“This sourdough rye appeared in the columns of The New York Times several years ago. I tried it, made some changes in it, and discovered that it was one of the best recipes I have ever used. The bread has a nice crumb, slices well, and keeps extremely well. I enjoy it for sandwiches and find that, thinly sliced and well buttered, it’s delicious served with smoked fish and oysters or other shellfish.” [James Beard’s note.]

My note: The recipe below is for half the original recipe: it makes one loaf instead of two. Other changes from the original are the inclusion of gluten flour and the use of a bread machine.

  • 1 package active dry yeast (1 tablespoon)
  • 1 1/2 cups plus 1/4 cup warm water
  • 3 cups all-purpose flour, approximately
  • 1 cup rye flour
  • 1/3 cup vital wheat gluten
  • 1 teaspoon salt
  • 1 1/2 teaspoons caraway seeds
  • 3/4 teaspoon poppy seeds
  • 1 tablespoon melted butter
  • 1 1/2 tablespoon sugar
  • Cornmeal
  • 1 egg, lightly beaten with 1 tablespoon water

Four days ahead of breadmaking, prepare the “starter”. Combine 1 1/2 teaspoon yeast, 1 cup warm water, and 1 cup all-purpose flour in a plastic bowl or container. Cover tightly and let stand at room temperature for 2 days.

Note: I put it in a bowl and covered it with plastic wrap like this:

sourdough rye starter

After the 2 days at room temperature, put the starter in the refrigerator for at least another day.

The day before preparing the dough, combine 1/2 cup of starter, the rye flour, and 1 cup warm water in a bowl. Cover with plastic wrap and let stand at room temperature overnight. (Note: You will have more starter than you need for this recipe. If you want to keep it going, replenish with equal parts of warm water and flour, let stand again at room temperature, and then refrigerate. Continue the process each time you use some of it.)

Here’s how it looked the next day, just before I stirred it down:

sourdough rye overnight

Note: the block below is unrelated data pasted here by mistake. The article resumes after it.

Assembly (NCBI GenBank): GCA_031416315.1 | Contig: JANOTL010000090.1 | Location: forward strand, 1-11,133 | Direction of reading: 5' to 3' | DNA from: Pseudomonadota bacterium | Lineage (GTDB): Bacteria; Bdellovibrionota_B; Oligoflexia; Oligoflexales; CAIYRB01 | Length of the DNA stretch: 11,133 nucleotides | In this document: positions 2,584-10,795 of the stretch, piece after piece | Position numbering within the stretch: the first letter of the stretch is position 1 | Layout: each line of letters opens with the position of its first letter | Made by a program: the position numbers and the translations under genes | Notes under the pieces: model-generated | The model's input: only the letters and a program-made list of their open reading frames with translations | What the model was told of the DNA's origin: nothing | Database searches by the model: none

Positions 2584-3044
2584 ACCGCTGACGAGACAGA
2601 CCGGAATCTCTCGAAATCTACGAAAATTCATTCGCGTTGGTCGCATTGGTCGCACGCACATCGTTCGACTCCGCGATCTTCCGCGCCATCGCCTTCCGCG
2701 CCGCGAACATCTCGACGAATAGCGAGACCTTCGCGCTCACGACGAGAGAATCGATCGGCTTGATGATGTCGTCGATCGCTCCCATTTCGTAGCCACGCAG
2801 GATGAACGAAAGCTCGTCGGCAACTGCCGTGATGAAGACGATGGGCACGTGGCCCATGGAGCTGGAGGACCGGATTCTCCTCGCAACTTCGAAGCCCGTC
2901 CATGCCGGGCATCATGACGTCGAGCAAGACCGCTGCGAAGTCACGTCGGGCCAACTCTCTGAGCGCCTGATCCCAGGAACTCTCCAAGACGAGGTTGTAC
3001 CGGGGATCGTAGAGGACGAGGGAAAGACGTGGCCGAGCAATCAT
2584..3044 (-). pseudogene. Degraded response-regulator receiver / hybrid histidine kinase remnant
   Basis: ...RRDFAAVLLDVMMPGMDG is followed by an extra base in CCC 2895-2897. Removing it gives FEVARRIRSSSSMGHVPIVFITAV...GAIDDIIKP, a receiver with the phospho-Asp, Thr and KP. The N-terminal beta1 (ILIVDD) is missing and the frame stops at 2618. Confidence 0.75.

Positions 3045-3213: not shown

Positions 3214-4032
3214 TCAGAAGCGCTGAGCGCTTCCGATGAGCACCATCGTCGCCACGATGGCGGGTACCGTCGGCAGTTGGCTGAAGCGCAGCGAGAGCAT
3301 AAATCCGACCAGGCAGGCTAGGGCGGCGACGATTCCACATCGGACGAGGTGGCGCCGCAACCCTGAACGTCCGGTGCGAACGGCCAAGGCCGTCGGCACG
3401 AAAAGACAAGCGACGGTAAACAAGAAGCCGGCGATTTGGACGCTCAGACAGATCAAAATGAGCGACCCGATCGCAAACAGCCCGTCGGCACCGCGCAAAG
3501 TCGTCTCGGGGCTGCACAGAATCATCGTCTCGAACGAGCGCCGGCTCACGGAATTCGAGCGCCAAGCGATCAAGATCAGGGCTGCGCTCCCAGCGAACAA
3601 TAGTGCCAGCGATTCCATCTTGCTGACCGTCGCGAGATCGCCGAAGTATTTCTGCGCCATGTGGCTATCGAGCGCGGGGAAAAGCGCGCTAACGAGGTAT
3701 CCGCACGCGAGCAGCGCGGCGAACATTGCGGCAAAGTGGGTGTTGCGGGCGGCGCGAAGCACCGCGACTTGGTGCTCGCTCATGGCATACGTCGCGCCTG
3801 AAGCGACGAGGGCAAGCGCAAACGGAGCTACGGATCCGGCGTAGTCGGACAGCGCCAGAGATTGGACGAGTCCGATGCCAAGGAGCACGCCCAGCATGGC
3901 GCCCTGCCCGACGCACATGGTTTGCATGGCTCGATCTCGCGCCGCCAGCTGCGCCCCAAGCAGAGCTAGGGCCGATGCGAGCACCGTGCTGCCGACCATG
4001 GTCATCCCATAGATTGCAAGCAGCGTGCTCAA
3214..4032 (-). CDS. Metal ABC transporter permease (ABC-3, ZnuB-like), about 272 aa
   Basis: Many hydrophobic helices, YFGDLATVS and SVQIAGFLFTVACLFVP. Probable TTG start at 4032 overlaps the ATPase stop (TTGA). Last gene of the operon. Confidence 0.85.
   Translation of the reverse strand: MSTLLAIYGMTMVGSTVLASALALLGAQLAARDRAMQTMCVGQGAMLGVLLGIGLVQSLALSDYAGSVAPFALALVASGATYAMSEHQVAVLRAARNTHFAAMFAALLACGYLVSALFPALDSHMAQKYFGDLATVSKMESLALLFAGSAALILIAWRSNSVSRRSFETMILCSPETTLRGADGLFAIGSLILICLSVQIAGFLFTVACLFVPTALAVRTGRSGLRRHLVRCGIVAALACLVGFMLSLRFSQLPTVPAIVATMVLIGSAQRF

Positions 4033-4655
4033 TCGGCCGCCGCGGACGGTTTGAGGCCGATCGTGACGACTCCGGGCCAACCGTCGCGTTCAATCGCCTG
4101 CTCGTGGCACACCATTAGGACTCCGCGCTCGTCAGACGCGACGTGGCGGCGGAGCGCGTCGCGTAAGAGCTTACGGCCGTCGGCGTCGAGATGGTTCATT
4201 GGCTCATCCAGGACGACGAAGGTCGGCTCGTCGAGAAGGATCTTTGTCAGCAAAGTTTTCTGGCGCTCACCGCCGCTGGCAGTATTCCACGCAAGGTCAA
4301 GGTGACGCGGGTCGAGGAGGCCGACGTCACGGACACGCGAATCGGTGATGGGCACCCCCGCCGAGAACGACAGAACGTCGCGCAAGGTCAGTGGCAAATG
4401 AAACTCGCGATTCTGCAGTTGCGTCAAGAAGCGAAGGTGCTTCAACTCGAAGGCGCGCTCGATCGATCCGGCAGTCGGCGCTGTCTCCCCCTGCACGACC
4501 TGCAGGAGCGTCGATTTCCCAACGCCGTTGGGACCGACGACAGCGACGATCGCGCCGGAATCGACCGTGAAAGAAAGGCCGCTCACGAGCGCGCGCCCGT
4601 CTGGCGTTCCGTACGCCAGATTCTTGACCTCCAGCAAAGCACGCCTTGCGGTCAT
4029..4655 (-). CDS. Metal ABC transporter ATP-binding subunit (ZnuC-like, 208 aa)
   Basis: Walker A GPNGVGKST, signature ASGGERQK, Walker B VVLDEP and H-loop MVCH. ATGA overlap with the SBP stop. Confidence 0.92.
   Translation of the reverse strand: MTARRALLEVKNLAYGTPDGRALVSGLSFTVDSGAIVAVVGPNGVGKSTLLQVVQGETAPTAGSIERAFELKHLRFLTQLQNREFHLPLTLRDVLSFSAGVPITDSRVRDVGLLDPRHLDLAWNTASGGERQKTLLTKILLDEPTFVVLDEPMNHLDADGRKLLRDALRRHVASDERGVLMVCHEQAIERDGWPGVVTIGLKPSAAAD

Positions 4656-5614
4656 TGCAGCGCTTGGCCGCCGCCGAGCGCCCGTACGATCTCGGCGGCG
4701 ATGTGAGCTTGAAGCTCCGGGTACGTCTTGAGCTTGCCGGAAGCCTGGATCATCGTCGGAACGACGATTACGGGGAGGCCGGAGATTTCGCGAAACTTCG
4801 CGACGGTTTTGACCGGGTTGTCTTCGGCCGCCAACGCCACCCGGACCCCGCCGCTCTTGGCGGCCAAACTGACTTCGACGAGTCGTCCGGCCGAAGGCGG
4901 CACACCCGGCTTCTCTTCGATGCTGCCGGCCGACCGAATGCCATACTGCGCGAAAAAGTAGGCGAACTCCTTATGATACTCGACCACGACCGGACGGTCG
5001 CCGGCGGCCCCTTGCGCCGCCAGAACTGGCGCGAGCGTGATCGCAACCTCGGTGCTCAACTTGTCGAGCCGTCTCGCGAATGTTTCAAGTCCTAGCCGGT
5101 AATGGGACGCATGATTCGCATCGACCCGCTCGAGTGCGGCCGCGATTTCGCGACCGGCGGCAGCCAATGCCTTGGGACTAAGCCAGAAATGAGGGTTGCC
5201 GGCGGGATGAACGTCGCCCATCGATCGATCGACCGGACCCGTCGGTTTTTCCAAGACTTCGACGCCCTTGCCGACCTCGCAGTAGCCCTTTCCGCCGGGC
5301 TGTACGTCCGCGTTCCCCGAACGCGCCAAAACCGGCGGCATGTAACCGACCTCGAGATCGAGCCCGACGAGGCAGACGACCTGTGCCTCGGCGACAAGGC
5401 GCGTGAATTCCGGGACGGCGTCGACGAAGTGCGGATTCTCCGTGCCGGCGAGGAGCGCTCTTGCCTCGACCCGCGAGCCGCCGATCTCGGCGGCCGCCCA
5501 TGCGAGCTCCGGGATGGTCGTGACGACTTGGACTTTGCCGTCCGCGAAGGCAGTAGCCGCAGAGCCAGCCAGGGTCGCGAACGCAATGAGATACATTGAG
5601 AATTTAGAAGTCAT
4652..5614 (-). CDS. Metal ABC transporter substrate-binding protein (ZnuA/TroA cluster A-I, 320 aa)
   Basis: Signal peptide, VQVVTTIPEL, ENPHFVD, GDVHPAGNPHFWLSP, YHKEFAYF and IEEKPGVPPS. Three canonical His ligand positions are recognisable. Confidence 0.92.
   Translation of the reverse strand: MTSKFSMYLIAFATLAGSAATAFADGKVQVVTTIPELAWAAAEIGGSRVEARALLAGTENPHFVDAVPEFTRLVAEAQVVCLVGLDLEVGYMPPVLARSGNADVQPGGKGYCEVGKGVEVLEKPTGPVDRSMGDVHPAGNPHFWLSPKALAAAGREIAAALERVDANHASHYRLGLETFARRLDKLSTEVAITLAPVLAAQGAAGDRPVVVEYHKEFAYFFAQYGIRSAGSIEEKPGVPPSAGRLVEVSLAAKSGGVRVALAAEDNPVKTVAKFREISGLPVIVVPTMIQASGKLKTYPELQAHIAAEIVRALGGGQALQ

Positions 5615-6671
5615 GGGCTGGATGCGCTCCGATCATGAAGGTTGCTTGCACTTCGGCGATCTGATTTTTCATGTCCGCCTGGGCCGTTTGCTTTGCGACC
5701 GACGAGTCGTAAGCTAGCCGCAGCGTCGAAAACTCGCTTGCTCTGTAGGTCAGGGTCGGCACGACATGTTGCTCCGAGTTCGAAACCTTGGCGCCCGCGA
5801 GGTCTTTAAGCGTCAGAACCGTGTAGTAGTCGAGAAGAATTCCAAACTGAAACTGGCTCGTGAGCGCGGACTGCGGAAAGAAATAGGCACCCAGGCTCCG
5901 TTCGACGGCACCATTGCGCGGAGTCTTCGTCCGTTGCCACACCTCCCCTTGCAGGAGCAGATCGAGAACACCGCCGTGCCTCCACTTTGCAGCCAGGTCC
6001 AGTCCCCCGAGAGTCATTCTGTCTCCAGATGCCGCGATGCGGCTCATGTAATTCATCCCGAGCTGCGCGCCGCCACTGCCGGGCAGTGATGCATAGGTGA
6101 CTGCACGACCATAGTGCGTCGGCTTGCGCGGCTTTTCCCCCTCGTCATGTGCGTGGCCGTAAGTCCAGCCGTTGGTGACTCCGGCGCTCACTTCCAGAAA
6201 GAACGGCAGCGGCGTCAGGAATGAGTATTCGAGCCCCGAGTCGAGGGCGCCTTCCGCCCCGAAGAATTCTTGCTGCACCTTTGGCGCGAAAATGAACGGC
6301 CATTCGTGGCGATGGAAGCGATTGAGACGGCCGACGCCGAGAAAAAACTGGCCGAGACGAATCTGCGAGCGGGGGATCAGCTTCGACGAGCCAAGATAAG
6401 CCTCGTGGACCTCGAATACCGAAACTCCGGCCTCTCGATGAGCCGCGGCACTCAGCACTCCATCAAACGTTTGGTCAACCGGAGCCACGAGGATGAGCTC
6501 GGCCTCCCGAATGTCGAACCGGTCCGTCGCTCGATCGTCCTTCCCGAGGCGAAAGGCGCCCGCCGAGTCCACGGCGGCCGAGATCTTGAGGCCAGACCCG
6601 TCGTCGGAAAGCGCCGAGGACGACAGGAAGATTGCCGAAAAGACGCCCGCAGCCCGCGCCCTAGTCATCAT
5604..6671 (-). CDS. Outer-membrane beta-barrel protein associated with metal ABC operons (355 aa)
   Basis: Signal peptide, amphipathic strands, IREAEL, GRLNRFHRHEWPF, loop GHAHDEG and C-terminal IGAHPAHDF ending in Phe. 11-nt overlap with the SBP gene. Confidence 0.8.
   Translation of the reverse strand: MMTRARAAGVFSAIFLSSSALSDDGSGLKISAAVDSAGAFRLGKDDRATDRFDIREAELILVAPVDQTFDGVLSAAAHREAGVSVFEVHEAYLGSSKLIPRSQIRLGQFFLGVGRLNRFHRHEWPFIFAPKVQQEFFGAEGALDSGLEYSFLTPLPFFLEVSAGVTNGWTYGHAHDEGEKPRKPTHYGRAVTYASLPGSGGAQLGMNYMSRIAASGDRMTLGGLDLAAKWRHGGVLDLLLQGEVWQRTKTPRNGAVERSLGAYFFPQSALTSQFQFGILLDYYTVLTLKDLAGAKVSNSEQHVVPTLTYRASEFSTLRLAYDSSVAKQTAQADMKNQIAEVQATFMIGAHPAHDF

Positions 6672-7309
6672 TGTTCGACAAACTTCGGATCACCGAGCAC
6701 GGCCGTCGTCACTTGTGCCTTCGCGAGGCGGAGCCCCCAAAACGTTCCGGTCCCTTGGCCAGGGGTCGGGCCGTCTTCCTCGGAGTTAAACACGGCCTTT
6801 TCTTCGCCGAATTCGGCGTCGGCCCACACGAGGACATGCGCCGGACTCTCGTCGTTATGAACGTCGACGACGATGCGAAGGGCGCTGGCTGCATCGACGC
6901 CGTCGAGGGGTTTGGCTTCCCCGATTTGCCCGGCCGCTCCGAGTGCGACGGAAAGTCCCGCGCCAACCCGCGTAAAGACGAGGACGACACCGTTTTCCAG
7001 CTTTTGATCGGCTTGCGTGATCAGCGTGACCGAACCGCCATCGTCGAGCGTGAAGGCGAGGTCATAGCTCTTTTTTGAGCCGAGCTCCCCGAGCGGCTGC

The next day stir down the dough, then put it in a bread machine* and add rest of the yeast (1 1/2 teaspoons), dissolved in 2 tablespoons water, salt, caraway seeds, poppy seeds, butter, and sugar. Add 1/3 cup vital wheat gluten and 1/2 cup all-purpose flour. Set the bread machine to the “dough” cycle. Watch it as it kneads and add more all-purpose flour as necessary to keep the dough from being too sticky. You want it to form a nice, round ball of dough. I added enough flour so that it was still “tacky” feeling but not “sticky”. Leave the dough in the bread machine through the rise cycle.

*Hand kneading directions: Add the flour a little at a time, to make a stiff but workable dough. Knead for 10 to 12 minutes, then shape into a ball. Place in a buttered bwol, turning to coat the dough with the butter. Cover and let rise in a warm, draft-free place until doubled in bulk, about 2 hours.

Take the risen dough out of the bread machine (or bowl, if you hand kneaded) and punch it down. Shape into a round loaf and place on a buttered baking sheet generously sprinkled with cornmeal.

formed loaf

Cover and let rise again until doubled in bulk, about 1 hour (mine rose in 30 minutes in a 73˚ kitchen).

Here’s the risen loaf. You can see how much bigger it is compared to the last picture (above).risen loafBrush with the egg wash, and bake in a preheated 375˚ oven for 30 minutes, or until lightly browned and the loaves sound hollow when rapped with the knuckles. Cool, covered with towels to prevent the crust from hardening.

Here’s the baked loaf. I wish you could smell it too!

baked loaf

Next time I’ll be a little more careful when I form the loaf, you can see that it did not bake perfectly round. If I had been more careful, I would have had a prettier picture! Plus I cut the loaf when it was still kind of hot. But let me tell you, it tasted wonderful. We had it with a good homemade beef barley soup, and slices of cheese that melted into the warm bread.

Leave a Reply